The slopes of Norge Ski Club in Fox River Grove served as the launchpad for three suburban Olympic hopefuls who likely have earned a spot on Team USA’s ski jump team, club officials said Tuesday.
The families of Michael Glasder of Cary, Kevin Bickner, formerly of Wauconda, and Casey Larson of Barrington shared their excitement at their sons’ dreams of competing coming true. Family members will be traveling to the 2018 Olympic and Paralympic Winter Games in Pyeongchang, South Korea, next month to cheer them on.
Glasder, 28, qualified at the Dec. 31 U.S. Olympic trials in Park City, Utah, while Bickner, 21, and Larson, 19, are awaiting official confirmation of their selection. There are four spots on the men’s ski jumping team.
“We are over the moon,” said Glasder’s mother, Kathy. “Excited, overjoyed, relieved and thankful.”
“We are humbled by it all,” added father Steve Glasder. “The work that he’s done … the commitment our club has to sponsor athletes … we’ve been looking for this a long time.”
Norge Ski Club — where all three athletes trained as children — is the oldest, continuously open ski club in the United States, founded in 1905 by Norwegian immigrants living in Chicago. This is the first time the club can boast of having one, let alone three Olympians.
“We’ve never had one (Olympian) ever in this club,” said Scott Smith, who has been coaching at Norge 30 years. “They all learned here.”
Glasder started learning at barely 5 years old and missed making the Olympic team by one spot for the last two Winter Games, said Smith, a member of the American Ski Jumping Hall of Fame and coach of the 1992 Olympic squad.
“He was always driven, always focused,” Kathy Glasder said. “He liked that flying in the air feeling.”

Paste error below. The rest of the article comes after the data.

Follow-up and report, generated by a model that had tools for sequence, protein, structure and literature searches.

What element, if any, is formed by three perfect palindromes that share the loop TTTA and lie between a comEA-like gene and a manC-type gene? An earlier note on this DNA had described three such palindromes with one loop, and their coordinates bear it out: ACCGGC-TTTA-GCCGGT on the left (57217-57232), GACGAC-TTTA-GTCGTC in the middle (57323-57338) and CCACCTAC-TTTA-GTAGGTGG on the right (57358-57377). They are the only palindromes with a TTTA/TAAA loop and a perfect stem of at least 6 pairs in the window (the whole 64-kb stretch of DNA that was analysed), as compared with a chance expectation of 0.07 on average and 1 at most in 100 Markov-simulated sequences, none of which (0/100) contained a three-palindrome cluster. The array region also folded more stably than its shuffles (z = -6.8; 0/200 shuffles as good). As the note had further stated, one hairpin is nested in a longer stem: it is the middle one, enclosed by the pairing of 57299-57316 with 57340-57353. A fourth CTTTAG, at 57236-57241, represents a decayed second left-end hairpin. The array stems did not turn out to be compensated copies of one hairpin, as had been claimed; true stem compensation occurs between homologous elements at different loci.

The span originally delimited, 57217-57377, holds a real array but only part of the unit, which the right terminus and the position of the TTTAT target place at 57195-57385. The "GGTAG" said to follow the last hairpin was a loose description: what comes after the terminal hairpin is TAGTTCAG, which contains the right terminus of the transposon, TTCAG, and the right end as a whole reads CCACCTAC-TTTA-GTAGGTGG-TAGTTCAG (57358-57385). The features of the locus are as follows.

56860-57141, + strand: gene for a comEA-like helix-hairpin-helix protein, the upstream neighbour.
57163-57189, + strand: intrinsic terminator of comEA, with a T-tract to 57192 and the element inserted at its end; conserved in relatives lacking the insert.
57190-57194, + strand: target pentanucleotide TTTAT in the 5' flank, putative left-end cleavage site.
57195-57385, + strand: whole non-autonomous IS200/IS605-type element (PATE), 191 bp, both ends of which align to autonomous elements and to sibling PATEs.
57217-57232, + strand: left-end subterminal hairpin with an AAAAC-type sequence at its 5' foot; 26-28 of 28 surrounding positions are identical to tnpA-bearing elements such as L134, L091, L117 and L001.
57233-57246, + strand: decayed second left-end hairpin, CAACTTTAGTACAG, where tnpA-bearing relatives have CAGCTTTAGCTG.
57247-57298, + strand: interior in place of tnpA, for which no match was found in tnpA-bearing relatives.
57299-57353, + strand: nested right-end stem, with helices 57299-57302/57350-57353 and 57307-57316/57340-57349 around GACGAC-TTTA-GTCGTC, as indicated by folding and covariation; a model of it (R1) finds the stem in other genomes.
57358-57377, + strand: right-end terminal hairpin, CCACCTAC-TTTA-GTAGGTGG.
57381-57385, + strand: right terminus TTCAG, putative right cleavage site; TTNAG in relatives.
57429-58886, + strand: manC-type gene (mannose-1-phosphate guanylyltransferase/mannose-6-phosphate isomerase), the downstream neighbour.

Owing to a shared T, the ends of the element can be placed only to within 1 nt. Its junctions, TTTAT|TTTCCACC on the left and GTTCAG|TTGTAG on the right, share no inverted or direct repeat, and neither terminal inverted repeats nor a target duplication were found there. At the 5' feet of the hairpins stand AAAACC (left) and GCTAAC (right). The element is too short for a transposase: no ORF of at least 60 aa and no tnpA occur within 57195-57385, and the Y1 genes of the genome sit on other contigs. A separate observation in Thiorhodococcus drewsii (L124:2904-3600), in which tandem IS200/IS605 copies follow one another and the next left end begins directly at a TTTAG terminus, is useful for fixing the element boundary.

Larson, a 2017 Barrington High School graduate, scored well at a competition last weekend in Turkey, putting him in the running for the Olympic team, said father Guy Larson of Lake Barrington.
“It’s really surreal right now,” he said. “It’s hard to completely comprehend. We are going to be really excited when they name the team. It’s a little nerve-racking. He had a bit of a slump this past summer. Ski jumping is one of the most technically and mentally difficult sports in the world. You have two jumps and that’s it. It’s a lot of pressure.”
Guy and Meg Larson will watch their 17-year-old daughter, Cara, and Casey compete at the Junior World Ski Championships in Kandersteg, Switzerland, before heading to South Korea.
Bickner, who started ski jumping at Norge at 10 and competing internationally the last three years, set the North American distance record jumping 244.5 meters (802 feet) in Vikersund, Norway, last March. He always had his sights set on the Olympics, said mother Maureen Bickner of Park City, Utah.
She along with husband Thomas Bickner, and daughter Kailey, 17, also a ski jumper, will watch Bickner compete.
“It’s just unbelievable,” she said. “They’ve gotten the best start (at Norge). They got so much attention, more so than any other club across the country.”
The trio is training with the club’s head coach, Bine Noric, in Slovenia. Olympic ski jumping qualifiers begin Feb. 8 followed by three competitions — 90 meters, 120 meters and team event — culminating Feb. 20.